I'm pretty sure Assange would have had better odds if he had let himself get extradited when it first came up. His odds of getting a juror that won't convict him have to be a lot lower since he published the Democrats' emails.

cphite wrote:If the activity is considered a crime in both countries, he can be extradited.

In what country is hacking into government computers not considered a crime?

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Re: Julian assange arrested

Postby solune » Fri Apr 12, 2019 3:44 am UTC

idonno wrote:In what country is hacking into government computers not considered a crime?


He didn't hack into a government computer though. He 'conspired' to do so, as in, he told Manning that it would be really cool if she hacked the computer all by herself.
I mean, look at page 6 of the indictment. The only act that they manage to attribute to Assange is that he asked for a password after he had already received the file.

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Re: Julian assange arrested

Postby cphite » Fri Apr 12, 2019 3:08 pm UTC

idonno wrote:I'm pretty sure Assange would have had better odds if he had let himself get extradited when it first came up. His odds of getting a juror that won't convict him have to be a lot lower since he published the Democrats' emails.

cphite wrote:If the activity is considered a crime in both countries, he can be extradited.

In what country is hacking into government computers not considered a crime?


I was making a general statement; the reason he can be extradited is because it's a crime in both countries.

He didn't hack into a government computer though. He 'conspired' to do so, as in, he told Manning that it would be really cool if she hacked the computer all by herself.


He convinced a person with access to hack into a government computer and took possession of the files she illegally obtained; so yeah, conspiracy. He didn't merely tell her it'd be really cool... he asked her to do it, requested she steal information for the purpose of unlawful distribution, and even offered assistance.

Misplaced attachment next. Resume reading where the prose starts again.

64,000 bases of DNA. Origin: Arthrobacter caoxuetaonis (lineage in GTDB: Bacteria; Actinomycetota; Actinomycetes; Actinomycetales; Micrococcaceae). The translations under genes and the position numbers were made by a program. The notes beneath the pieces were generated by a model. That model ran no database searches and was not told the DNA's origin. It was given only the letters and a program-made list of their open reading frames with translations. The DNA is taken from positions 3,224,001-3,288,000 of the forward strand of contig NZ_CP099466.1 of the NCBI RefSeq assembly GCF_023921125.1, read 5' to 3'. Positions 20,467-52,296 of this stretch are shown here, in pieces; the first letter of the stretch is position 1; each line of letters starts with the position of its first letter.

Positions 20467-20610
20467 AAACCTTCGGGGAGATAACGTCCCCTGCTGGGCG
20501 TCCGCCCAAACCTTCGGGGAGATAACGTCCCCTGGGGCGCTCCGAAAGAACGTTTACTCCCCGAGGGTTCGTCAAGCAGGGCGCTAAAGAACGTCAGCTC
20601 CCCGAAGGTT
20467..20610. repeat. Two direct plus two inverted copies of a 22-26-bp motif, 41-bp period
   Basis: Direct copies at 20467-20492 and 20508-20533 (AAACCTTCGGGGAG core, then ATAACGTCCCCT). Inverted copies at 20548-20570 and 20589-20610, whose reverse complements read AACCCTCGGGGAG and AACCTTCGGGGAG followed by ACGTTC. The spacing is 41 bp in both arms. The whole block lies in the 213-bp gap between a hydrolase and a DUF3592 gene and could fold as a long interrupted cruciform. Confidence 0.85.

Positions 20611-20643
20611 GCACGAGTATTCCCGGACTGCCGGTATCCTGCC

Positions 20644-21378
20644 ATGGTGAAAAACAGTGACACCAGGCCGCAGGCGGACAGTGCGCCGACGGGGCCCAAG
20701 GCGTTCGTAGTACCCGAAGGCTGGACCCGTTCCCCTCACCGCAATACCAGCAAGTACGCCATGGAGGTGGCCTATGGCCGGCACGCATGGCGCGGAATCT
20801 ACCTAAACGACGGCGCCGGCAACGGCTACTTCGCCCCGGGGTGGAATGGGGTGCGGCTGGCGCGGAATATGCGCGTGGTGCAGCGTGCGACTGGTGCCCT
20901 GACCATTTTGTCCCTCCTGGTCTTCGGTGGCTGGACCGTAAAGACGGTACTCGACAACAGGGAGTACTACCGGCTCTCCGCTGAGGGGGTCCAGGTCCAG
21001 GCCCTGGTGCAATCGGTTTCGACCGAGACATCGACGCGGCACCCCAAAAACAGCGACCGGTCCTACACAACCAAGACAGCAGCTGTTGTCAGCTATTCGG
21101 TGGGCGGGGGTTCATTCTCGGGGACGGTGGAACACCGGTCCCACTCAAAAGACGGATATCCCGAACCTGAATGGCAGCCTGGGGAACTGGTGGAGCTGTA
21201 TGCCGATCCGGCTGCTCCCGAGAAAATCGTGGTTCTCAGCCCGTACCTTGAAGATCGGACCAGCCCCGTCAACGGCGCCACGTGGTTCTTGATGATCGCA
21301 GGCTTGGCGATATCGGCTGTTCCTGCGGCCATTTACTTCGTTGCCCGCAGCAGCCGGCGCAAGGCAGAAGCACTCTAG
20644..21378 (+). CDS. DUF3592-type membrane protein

I mean, look at page 6 of the indictment. The only act that they manage to attribute to Assange is that he asked for a password after he had already received the file.


Knowingly accessing a classified system without authorization, knowingly receiving classified documents without authorization, distributing classified documents. That he didn't physically access the system isn't relevant from the courts perspective - he requested the information be stolen, he offered assistance with the password, he took possession of the stolen information, and distributed it.

His only hope at this point is to avoid extradition, because once he's on US soil he is in up to his neck. His best hope - and it's a very thin hope - is to convince the UK courts that he was acting as a journalist, and that the US is only seeking to prosecute for political reasons. That isn't going to work ultimately, but it will at least keep him in the UK until it fails. Best case scenario from his perspective is that he can drag it out for several years with appeals.